Imagine this: you're out enjoying a nice day at the park when you see a large group of teenagers physically attacking another person. That is exactly what took place on Saturday afternoon at Grenville Park in Ware.

WARE, MA (WGGB/WSHM) -- Imagine this: you're out enjoying a nice day at the park when you see a large group of teenagers physically attacking another person. That is exactly what took place on Saturday afternoon at Grenville Park in Ware.

The victim was a 26-year-old autistic man who was unable to defend himself.

An eyewitness told us the victim was on the pavement when the group walked toward him and he moved to another nearby area and tried to protect himself, but was knocked down and kicked multiple times in the back.

It was a vicious attack during broad daylight at Grenville Park in Ware as a baseball team was getting ready for practice. Police and an eyewitness told Western Mass News on Monday that 26-year-old Shiloh Skerritt was pushed to the ground and kicked numerous times in the back by two juveniles who were part of a larger group of youths.

The victim was a 26-year-old autistic man who was unable to defend himself.

“He completely shut down,” said Shiloh’s father, Peter Skerritt.

Peter Skerrit told Western Mass News that Shiloh has autism and Type 1 diabetes, making it hard to protect himself.

“His cognitive skills are bad. He has a problem comprehending what is told to him,” Skerritt explained.

Joshua Kusnierz, a baseball coach and eyewitness to the attack, immediately moved to help out.

“I realize that this was no longer kids messing around or being kids. There was an actually serious incident happening,” Kusnierz explained.

Kusnierz told us he was about 50 yards away, but could hear the impact of the kicks on Shiloh.

“You can hear the kick at the pitcher’s mound and they were outside of the outfield,” Kusnierz added.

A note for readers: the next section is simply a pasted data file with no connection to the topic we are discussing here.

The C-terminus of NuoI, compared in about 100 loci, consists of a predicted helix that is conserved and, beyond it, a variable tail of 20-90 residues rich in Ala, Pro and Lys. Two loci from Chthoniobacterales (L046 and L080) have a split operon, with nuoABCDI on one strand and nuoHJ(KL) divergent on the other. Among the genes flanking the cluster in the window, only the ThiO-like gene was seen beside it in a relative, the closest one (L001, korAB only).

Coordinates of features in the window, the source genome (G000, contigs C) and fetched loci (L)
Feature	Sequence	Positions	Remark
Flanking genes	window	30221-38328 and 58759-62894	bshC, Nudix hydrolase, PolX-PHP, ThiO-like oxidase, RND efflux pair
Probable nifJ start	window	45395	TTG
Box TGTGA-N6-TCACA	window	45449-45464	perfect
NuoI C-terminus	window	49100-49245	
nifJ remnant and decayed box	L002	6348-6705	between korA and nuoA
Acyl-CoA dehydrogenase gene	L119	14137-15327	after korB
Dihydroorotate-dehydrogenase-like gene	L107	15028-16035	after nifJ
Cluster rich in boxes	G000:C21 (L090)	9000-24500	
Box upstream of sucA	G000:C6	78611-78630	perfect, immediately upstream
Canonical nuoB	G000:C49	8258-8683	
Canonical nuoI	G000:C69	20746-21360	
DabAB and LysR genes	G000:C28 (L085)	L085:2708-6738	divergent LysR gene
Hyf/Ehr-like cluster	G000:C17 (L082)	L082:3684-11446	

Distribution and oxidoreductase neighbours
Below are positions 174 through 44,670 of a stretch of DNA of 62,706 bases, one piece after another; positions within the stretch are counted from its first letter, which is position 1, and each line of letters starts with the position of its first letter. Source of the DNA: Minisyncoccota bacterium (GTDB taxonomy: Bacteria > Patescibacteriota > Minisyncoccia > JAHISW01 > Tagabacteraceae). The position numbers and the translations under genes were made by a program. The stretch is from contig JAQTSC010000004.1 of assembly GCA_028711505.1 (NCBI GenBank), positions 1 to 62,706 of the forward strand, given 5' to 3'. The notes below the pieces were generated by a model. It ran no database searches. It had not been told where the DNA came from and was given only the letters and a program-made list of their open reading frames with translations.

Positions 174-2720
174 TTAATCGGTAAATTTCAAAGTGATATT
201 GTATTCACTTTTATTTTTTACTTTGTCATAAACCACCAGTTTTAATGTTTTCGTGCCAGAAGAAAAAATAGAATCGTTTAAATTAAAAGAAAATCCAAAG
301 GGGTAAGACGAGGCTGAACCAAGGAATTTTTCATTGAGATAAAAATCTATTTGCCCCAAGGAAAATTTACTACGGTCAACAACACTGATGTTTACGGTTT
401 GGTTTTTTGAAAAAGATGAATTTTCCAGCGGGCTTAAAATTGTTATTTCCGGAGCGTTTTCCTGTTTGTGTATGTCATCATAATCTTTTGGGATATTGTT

Shiloh now has a broken right shoulder blade and will need physical therapy. His dad told us the last 48 hours, he has seen a drastic change in his son.

“He wasn't talking at all, he didn't want to get out bed, In fact, he slept the entire day yesterday…something he hasn’t done before. He doesn't even take naps,” Peter Skerritt said.

Fearful this could happen again, Peter said Shiloh has not taken his daily walks in the park since Saturday.

“His blood glucose level has gone way up since because he is not getting any exercise,” Peter Skerritt explained.

Working quickly based on witness accounts, Ware Police arrested a 15-year-old boy in connection with the attack.

“I'm grateful the other juveniles that were in the area, that watched it, are coming forward and giving us statements,” said Ware Police Chief Shawn Crevier.

Police told us they can't charge the second juvenile in the attack. However, Ware Police do plan to file a report with the Department of Children and Family Services.

“We can at least get him somewhat into the system and have some type of guidelines they need to follow,” Ware Police Chief Shawn Crevier said.   

Shiloh is a known member of the community and Chief Crevier was angry when he learned of the attack.

“I was disgusted and upset with the action of these two juveniles,” Chief Crevier said. 

In an effort to help people on the spectrum like Shiloh, the police department has set up a database to help identify people with autism and dementia during emergency situations. 

“Shiloh was one of the first individuals in that program,” Chief Crevier said. 

In this case, Shiloh had a laminated card on him that helped police identify him and contact his family.

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